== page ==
Claims of evidence of Noah’s flood pop up in the mainstream media

The Black Sea

This story is interesting not because an archeologist has claimed to have found evidence of Noah’s flood; it’s interesting that the story was published rather unblemished and with little ridicule in the mainstream media.

Robert Ballard, the underwater archeologist who’s claimed to have found the evidence, went to the Black Sea looking specifically for evidence of the flood. From the Fox News article we read:

He says the Black Sea was once merely a freshwater lake — until an enormous wall of water from the Mediterranean 200 times more powerful than Niagara Falls swept it and everything else away. Including Noah and his ark.

So is Mr. Ballard some no-name fluke? No, on the contrary, he has quite a resume under his belt. He discovered the remains of the Titanic in 1985. He located the German battleship Bismarck in 1989 (in water 4000 feet deeper than where the Titanic’s located). He’s explored the ruins of the Lusitania.

(Some of you may remember that he was also an advisor for, and appeared frequently during the closing credits of, the television show SeaQuest, DSV.)

When he talks, people listen.


His team has found ancient pottery and other wooden structures on what he claims is an ancient shoreline 400 feet below the surface of the Black Sea. Carbon-14 dating puts it all around 5,000 B.C.

This would be older than the earth based on the six-day Biblical account of creation, but carbon-14 dating of dates that old is calibrated and adjusted based on false presuppositions.

The further back into history the dates go, the more inaccurate the method becomes. One day, perhaps, they will calibrate the information based on Biblically-based assumptions about the age of the planet and really unlock the flood gates of history.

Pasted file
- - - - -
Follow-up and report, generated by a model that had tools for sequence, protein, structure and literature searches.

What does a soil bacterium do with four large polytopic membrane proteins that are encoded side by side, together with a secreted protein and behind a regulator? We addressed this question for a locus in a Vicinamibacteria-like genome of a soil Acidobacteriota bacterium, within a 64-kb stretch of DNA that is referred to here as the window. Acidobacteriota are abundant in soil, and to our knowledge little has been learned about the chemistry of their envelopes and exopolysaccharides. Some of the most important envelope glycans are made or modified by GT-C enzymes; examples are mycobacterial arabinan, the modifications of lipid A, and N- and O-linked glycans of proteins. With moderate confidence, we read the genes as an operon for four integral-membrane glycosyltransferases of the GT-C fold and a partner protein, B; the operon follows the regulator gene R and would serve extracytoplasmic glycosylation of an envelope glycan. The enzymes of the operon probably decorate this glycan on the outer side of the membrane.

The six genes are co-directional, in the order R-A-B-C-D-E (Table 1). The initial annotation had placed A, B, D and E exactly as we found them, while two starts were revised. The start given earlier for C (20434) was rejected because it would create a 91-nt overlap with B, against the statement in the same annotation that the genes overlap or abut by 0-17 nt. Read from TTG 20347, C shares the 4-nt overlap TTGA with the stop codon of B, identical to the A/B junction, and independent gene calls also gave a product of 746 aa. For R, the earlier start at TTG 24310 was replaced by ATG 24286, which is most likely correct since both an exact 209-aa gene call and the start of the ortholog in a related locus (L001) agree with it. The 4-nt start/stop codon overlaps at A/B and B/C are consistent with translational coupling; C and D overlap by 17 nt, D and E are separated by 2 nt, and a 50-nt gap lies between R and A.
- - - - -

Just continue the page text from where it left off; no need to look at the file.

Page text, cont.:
From a Digital Journal article:

Scholars have for long pointed to the similarities between the details of the biblical flood story and common Mesopotamian flood stories such as the “Epic of Gilgamesh” as evidence of a common memory of a great flood in early historic times. Some scholars argue that the biblical account of Noah and the Ark was inspired by the “The Epic of Gilgamesh.”

Some of this is accurate: the similarities of the stories across cultures should rightfully be taken as corroborating evidence. Secular science, to legitimately claim neutrality, would have to say “There are multiple accounts of this story. We don’t know which one is true. We don’t have enough information to know which one is true.”

But they can’t do that. Men are curious by nature. To progress, the science requires assumptions be made. So, when faced with this dilemma, they ALWAYS assume this: the Bible is false. Thus, they flip their coin and lose: Gilgamesh inspired Noah, they say.


Noah’s Flood is the truth; the other accounts are evidence that the story was corrupted as society grew and men fell away from God. The true story has been preserved in the Bible for God’s elect.

But remember: no amount of actual evidence can convince an unbeliever of the truth. Christians should be thankful for discoveries such as these; they are not proof of the truth of the Bible — that proof comes from the knowledge of truth as gained by faith. But it’s nevertheless a blessing that God has revealed this evidence so that it may strengthen and deepen our faith.

Unregenerate men will stare at the body of the evidence all day long (which continues to pile up) and always draw a different conclusion: the Bible is false. Remember: they suppress the truth of God in their unrighteousness (Romans 1:18).

As Paul wrote:

The natural person does not accept the things of the Spirit of God, for they are folly to him, and he is not able to understand them because they are spiritually discerned. (1 Corinthians 2:14 ESV)

They cannot deny the evidence, but without the regenerating Spirit of God dwelling within them they will suppress the truth that it reveals.

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